God's guardian angels

We have a big assignment-but defending him isn't part of it

Issue: "Charity begins at home," May 16, 1998

As J.B. Phillips pointed out a generation ago, most people's God is far too small. That's one reason so many of us go around trying to defend him. The fact is, of course, that the God of the Bible is quite capable of defending himself. It's only after we've whittled and chiseled and carved him down to our size-the way unbelieving people always do with their self-constructed deities-that we end up with a god so puny that he needs our pitiful protection. This tendency to think we have to be God's guardian angels is evident in everything from the spelling out of our theology (which is not the primary focus of WORLD magazine) to the working out of our worldview (which is this magazine's key priority). Since worldview always flows from theology, however, it's worth looking at the link. In purely theological terms, you will see this propensity to rush to God's defense most often as people wrestle with the idea of a sovereign God. And let's admit it right up front: The implications of believing in a God who orders everything according to the delights of his own purposes are sometimes troubling to us people with brains that are relatively the size of peanuts. Unlike him, we don't see the big picture; we don't have the perspective to sort out the end from the beginning. The result is that we draw all kinds of wrong and ill-founded conclusions. It's a little bit like an early vintage pocket calculator trying to process the functions of a hundred late-model mainframe computers. Most people simply never come to terms with what the Bible clearly teaches: God is incredibly bigger than any of us can begin to imagine. While he chooses on occasion to operate in our dimension, his normal mode is to accomplish his purposes in dimensions we can barely glimpse, much less comprehend. So even on this theoretic, theological level we keep trying to redefine God. We keep trying to bring him down to our size. We do that because the here-and-now worldview that we tend to construct based on our senses doesn't fit conveniently with a straightforward belief in a biblically big God. Again and again, expedience and consistency tell us to whittle God down, to avoid the embarrassment of arguing that he is literally the kind of God the Bible affirms him to be, and to modernize him into something that fits our contemporary itsy-bitsy image of what he ought to be. For example:
As creator of the universe, in both its macro and micro expressions, God calls us to believe that he's big enough to have done so just the way we learned when we were children. Only as we grow up do we start to discover that we're expected to pare God down. Yes, we learn, he could have done it by the word of his power; but in fact he used a great number of intermediate processes. He could have done it in a short time; but in fact he took eons. Et cetera, et cetera. Question: If we stand around downplaying the miracle of creation in the Old Testament, why should we be surprised if other doubters shortchange the miracles of the New Testament? Including the literal resurrection. As sustainer of the universe, God calls us to believe that he makes no mistakes. That's hard enough to accept when you watch the ugly and sinful behavior among us that he tolerates. It's even harder to accept when you see the things God does himself-ordering a tornado to rip through an uninsured church, or planning that a baby be born with no legs. People in a sturdier age were unafraid to call these things "Acts of God." We tend to suppose we have to explain them away. As the one who sets the rules by which we live, God calls us to live by faith in his big plan, not by our limited sight. Given our cultural setting, it's hard for us to accept that God means for marriage to last for a lifetime. It's hard for us to trust quaint concepts like husbandly headship and wifely submission within marriage. It's hard for some to believe that a person who prefers intimacy with someone of his own gender is really precluded from living out that inclination. It's hard for us to believe he can prosper us financially after we take seriously his commands to be more generous than we have been in supporting his church and the poor and needy among us. But in all these areas-key aspects of our culture where worldview matters very much-we Christians are called on not to shrink God's patterns for our living, but to proclaim the greatness of their wisdom. Humanly hard to do? Of course. If it were humanly easy, there would be nothing very great about the God who made us, sustains us, and sets the rules for our lives.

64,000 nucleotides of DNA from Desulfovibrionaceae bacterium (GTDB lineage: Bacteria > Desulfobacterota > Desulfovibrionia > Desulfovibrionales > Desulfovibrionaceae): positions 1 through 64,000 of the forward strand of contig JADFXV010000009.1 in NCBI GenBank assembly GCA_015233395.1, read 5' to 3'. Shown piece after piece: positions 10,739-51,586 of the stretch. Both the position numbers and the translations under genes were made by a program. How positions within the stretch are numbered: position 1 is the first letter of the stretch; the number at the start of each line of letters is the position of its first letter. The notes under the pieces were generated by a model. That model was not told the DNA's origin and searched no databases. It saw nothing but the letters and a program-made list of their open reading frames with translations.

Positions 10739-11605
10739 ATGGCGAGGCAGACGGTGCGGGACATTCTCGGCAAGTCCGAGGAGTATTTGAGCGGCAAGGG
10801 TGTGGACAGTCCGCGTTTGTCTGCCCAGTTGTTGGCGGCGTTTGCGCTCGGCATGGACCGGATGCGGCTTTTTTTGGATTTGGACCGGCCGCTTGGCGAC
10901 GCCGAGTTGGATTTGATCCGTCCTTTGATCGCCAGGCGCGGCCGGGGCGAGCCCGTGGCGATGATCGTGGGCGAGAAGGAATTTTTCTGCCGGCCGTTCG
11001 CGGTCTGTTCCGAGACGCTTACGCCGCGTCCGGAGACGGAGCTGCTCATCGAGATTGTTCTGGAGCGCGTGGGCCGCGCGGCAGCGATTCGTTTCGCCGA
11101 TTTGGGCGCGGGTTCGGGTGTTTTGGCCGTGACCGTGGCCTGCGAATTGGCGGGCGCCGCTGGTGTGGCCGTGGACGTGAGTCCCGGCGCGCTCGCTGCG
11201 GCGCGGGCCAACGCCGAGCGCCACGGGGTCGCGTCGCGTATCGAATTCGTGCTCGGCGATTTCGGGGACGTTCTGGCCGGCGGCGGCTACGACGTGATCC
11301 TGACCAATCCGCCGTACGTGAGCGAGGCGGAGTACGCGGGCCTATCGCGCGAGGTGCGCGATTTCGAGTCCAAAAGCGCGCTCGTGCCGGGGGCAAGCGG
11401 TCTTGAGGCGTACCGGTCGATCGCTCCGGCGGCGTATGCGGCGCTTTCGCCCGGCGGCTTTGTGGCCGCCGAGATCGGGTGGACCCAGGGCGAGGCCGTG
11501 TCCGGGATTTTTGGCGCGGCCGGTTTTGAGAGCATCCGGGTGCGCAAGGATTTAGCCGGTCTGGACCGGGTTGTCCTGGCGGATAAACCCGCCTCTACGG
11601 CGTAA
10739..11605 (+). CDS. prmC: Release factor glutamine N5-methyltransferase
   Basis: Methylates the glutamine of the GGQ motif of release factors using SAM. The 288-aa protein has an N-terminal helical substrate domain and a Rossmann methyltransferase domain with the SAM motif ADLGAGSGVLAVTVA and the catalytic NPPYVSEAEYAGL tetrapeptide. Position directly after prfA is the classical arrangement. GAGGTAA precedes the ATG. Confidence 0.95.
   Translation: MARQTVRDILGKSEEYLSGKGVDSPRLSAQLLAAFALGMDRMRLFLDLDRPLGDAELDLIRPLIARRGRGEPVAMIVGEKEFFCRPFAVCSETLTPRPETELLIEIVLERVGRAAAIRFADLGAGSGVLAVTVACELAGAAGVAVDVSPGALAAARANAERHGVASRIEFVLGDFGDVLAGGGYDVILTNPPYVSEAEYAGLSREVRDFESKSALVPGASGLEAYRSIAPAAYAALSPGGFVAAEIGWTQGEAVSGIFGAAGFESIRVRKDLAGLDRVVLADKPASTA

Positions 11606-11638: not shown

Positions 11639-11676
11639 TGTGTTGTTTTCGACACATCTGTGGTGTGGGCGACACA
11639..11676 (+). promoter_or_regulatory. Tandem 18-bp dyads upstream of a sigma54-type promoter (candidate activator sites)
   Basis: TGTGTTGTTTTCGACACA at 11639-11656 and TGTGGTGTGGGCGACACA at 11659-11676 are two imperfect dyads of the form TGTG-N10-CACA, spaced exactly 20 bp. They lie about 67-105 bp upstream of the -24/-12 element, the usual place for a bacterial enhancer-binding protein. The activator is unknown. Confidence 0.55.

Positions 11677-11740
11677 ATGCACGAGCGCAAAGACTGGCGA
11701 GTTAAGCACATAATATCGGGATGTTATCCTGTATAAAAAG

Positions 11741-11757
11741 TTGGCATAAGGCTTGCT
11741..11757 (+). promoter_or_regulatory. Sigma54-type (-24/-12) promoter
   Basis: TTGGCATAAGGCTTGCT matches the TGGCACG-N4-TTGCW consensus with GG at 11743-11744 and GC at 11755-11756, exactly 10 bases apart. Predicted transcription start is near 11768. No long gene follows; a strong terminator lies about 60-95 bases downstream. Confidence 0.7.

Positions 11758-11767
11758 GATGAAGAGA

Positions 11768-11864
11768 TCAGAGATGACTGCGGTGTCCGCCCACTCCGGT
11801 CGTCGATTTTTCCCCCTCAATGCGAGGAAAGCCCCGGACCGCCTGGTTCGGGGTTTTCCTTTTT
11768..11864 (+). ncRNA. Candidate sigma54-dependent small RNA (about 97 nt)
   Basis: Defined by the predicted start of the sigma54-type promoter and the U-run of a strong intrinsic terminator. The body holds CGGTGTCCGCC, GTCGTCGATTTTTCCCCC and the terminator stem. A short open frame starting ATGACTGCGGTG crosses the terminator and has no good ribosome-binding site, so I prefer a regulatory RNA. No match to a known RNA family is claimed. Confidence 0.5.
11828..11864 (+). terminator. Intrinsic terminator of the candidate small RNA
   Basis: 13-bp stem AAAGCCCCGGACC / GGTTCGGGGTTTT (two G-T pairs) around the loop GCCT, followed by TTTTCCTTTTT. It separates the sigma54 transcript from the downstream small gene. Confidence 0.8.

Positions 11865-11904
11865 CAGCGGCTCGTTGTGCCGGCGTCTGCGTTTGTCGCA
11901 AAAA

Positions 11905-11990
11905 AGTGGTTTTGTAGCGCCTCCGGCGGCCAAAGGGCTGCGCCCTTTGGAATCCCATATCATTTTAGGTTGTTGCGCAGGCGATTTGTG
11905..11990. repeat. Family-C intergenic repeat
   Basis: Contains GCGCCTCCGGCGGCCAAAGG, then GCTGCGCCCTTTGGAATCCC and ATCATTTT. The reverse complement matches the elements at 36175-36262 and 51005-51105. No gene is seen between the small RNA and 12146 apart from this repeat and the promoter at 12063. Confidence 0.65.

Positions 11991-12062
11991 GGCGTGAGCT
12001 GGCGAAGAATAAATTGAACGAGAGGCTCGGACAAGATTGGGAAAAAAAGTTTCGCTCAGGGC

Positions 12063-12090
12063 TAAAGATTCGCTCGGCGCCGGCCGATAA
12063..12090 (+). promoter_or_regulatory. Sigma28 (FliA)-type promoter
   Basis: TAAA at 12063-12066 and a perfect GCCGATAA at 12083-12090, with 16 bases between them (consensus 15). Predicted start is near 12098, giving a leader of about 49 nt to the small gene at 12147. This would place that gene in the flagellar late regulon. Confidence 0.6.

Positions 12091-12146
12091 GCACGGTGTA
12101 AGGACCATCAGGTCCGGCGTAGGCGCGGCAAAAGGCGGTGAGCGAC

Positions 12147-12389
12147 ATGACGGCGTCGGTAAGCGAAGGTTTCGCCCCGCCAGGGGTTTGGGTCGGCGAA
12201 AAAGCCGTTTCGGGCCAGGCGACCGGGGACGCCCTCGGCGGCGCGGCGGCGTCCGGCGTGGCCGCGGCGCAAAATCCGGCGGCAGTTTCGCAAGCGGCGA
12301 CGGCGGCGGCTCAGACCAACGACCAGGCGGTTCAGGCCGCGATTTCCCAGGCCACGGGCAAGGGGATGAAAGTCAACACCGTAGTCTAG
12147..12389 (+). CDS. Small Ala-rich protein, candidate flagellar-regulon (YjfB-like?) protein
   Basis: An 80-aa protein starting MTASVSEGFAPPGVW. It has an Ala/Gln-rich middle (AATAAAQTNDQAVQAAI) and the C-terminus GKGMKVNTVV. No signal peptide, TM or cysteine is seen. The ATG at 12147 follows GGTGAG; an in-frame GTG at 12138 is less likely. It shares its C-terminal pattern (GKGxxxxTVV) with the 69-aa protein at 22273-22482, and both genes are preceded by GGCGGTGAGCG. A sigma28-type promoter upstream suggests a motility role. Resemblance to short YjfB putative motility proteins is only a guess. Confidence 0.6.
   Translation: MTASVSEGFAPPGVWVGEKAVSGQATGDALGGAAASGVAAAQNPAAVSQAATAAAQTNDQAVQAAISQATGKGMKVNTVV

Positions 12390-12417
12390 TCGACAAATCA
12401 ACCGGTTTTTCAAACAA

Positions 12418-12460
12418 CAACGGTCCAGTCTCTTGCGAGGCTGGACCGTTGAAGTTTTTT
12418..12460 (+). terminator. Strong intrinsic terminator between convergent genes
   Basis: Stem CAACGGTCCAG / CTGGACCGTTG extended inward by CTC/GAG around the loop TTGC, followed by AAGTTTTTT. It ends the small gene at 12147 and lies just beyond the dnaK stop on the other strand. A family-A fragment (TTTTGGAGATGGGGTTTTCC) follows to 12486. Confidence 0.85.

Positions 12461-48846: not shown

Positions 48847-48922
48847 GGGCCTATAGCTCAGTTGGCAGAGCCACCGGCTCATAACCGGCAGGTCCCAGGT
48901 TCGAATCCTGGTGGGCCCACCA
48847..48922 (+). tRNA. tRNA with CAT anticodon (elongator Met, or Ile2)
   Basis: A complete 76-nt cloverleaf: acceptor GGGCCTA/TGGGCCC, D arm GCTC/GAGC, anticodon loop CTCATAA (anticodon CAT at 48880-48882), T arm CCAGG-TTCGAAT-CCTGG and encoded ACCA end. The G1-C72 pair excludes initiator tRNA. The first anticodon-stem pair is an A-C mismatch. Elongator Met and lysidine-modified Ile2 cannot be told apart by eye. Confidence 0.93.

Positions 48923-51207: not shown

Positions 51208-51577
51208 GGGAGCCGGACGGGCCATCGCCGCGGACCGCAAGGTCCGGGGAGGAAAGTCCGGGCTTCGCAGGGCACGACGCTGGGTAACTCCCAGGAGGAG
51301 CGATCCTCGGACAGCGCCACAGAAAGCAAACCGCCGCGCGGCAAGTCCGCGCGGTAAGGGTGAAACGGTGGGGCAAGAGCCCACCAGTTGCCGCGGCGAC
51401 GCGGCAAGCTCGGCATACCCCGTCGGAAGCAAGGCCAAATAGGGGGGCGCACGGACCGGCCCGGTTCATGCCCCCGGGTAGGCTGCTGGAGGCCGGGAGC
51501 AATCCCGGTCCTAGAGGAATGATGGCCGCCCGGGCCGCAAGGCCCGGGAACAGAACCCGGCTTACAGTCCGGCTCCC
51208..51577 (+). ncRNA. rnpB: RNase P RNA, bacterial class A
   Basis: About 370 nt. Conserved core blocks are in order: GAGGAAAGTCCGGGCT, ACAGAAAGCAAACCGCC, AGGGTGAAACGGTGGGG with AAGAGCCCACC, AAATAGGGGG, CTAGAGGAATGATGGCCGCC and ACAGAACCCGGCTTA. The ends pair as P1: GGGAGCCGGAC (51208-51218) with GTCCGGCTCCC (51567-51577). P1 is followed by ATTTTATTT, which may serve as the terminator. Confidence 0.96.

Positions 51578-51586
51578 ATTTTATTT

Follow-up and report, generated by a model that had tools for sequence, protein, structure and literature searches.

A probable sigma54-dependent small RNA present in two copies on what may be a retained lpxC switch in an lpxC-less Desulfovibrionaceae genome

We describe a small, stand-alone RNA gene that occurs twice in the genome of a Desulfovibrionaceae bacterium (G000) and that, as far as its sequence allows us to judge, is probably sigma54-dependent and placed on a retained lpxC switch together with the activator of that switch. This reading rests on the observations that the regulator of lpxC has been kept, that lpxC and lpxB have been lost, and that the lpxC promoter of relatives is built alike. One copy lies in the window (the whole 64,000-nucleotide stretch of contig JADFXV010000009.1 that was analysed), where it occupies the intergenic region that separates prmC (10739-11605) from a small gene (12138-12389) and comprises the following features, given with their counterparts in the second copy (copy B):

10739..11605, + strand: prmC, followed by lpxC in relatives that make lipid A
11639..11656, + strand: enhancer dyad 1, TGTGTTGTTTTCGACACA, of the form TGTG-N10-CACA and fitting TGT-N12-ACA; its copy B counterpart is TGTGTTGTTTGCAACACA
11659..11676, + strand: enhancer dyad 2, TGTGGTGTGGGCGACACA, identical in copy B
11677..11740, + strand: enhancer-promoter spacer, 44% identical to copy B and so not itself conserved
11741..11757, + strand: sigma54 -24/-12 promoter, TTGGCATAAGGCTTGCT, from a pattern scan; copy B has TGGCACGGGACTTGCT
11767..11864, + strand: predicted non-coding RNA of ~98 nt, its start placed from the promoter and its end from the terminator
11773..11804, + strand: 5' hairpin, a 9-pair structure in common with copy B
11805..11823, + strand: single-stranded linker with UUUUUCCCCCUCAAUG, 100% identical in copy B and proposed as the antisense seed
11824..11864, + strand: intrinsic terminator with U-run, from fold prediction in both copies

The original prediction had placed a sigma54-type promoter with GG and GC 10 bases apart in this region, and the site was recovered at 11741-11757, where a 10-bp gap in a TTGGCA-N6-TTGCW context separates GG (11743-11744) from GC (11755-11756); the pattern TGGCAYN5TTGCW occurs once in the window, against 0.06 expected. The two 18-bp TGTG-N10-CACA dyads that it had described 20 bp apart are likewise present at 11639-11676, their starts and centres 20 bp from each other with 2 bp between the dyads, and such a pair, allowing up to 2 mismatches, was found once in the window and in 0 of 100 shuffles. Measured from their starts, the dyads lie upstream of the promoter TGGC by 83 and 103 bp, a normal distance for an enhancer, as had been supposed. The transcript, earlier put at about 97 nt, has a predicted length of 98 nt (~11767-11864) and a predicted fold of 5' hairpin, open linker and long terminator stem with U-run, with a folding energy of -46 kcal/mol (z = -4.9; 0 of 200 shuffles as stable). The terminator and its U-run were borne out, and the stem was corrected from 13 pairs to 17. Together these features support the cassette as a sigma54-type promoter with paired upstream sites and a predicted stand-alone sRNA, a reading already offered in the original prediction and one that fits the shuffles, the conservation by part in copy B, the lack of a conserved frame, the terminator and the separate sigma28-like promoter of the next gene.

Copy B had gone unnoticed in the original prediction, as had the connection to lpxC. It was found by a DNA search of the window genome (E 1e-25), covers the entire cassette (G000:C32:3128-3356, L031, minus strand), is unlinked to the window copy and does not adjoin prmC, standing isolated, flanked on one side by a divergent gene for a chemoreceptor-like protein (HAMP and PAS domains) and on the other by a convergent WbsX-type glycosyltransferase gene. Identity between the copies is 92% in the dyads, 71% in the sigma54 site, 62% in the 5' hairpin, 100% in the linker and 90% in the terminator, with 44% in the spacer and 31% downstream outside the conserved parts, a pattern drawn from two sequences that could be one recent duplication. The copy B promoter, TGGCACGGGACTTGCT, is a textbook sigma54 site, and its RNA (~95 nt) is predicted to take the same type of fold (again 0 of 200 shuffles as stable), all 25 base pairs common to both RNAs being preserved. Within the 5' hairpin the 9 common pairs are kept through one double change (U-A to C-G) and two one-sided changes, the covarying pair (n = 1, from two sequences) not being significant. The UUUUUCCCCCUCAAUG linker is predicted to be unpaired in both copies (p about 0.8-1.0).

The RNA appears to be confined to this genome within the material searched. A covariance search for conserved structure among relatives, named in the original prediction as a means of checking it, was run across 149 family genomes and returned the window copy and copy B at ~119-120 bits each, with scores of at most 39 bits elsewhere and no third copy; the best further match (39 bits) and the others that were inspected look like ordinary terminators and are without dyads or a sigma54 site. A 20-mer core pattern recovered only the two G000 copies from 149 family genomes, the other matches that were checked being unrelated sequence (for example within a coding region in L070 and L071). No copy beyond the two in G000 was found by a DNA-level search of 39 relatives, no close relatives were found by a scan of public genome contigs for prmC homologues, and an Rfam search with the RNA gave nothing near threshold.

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Joel Belz
Joel Belz

Joel, WORLD's founder, writes a regular column for the magazine and contributes commentaries for The World and Everything in It. He is also the author of Consider These Things.

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